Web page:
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Inwardly rectifying potassium (K+) channels (Kir) in Müller cells, the dominant glial cells in the retina, are supposed to be responsible for the spatial buffering action of K+ ions. The molecular properties and subcellular localization of Müller cell Kir channels in rat and rabbit retinas were examined by using electrophysiological, molecular biological,(More)
Neurofilaments are organised into parallel bundles in axons through crossbridges formed by lateral projections of neurofilament subunits. Pure neurofilaments form gels in vitro, consisting of interconnected parallel arrays of filaments regulated by the phosphorylation level of neurofilament subunits. Neurofilament-associated polypeptides sharing(More)
In cathepsin D-deficient (CD-/-) and cathepsins B and L double-deficient (CB-/-CL-/-) mice, abnormal vacuolar structures accumulate in neurons of the brains. Many of these structures resemble autophagosomes in which part of the cytoplasm is retained but their precise nature and biogenesis remain unknown. We show here how autophagy contributes to the(More)
The phosphorylated carboxyl-terminal "tail" domains of the neurofilament (NF) subunits, NF heavy (NF-H) and NF medium (NF-M) subunits, have been proposed to regulate axon radial growth, neurofilament spacing, and neurofilament transport rate, but direct in vivo evidence is lacking. Because deletion of the tail domain of NF-H did not alter these axonal(More)
Cathepsin E is a major nonlysosomal, intracellular aspartic proteinase that localizes in various cellular compartments such as the plasma membrane, endosome-like organelles, and the endoplasmic reticulum (ER). To learn the segregation mechanisms of cathepsin E into its appropriate cellular destinations, the present studies were initiated to define the(More)
Cochlear endolymph has a highly positive potential of approximately +80 mV. This so-called endocochlear potential (EP) is essential for hearing. Although pivotal roles of K+ channels in the formation of EP have been suggested, the types and distribution of K+ channels in cochlea have not been characterized. Because EP was depressed by vascular perfusion of(More)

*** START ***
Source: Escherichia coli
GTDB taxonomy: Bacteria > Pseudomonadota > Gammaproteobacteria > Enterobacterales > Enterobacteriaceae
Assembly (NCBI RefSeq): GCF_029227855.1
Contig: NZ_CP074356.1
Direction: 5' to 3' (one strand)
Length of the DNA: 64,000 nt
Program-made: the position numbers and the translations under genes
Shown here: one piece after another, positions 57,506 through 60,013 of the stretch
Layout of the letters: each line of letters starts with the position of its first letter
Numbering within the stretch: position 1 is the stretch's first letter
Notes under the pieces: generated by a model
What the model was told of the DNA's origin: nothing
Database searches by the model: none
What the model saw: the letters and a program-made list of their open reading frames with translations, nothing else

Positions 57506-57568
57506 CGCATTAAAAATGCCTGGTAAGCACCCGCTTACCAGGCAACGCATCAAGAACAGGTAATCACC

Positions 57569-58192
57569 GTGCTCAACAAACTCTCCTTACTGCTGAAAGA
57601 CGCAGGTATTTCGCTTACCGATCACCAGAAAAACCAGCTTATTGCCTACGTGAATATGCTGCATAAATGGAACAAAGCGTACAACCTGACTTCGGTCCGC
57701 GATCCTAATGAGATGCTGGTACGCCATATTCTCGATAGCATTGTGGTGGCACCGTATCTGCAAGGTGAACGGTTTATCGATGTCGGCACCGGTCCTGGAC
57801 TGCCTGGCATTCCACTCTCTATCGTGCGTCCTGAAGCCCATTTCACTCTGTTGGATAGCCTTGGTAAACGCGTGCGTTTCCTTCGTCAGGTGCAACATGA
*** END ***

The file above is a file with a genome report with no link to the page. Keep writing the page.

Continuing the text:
The COOH-terminal tail of mammalian neurofilament heavy subunit (NF-H), the largest neurofilament subunit, contains 44-51 lysine-serine-proline repeats that are nearly stoichiometrically phosphorylated after assembly into neurofilaments in axons. Phosphorylation of these repeats has been implicated in promotion of radial growth of axons, control of nearest(More)
Neurofilaments are essential for acquisition of normal axonal calibers. Several lines of evidence have suggested that neurofilament-dependent structuring of axoplasm arises through an "outside-in" signaling cascade originating from myelinating cells. Implicated as targets in this cascade are the highly phosphorylated KSP domains of neurofilament subunits(More)
Neurofilament medium (NF-M) is essential for the acquisition of normal axonal caliber in response to a myelin-dependent "outside-in" trigger for radial axonal growth. Removal of the tail domain and lysine-serine-proline (KSP) repeats of NF-M, but not neurofilament heavy, produced axons with impaired radial growth and reduced conduction velocities. These(More)
Charcot-Marie-Tooth disease (CMT) is the most common inherited peripheral nerve disorder. The causative gene for axonal type CMT2E has been identified as neurofilament light (NF-L) chain. Using cultured cells and in vitro assays, we analyzed the filament formation ability of Pro22 CMT mutant proteins of NF-L, P22S and P22T. NF-L Pro22 mutant proteins formed(More)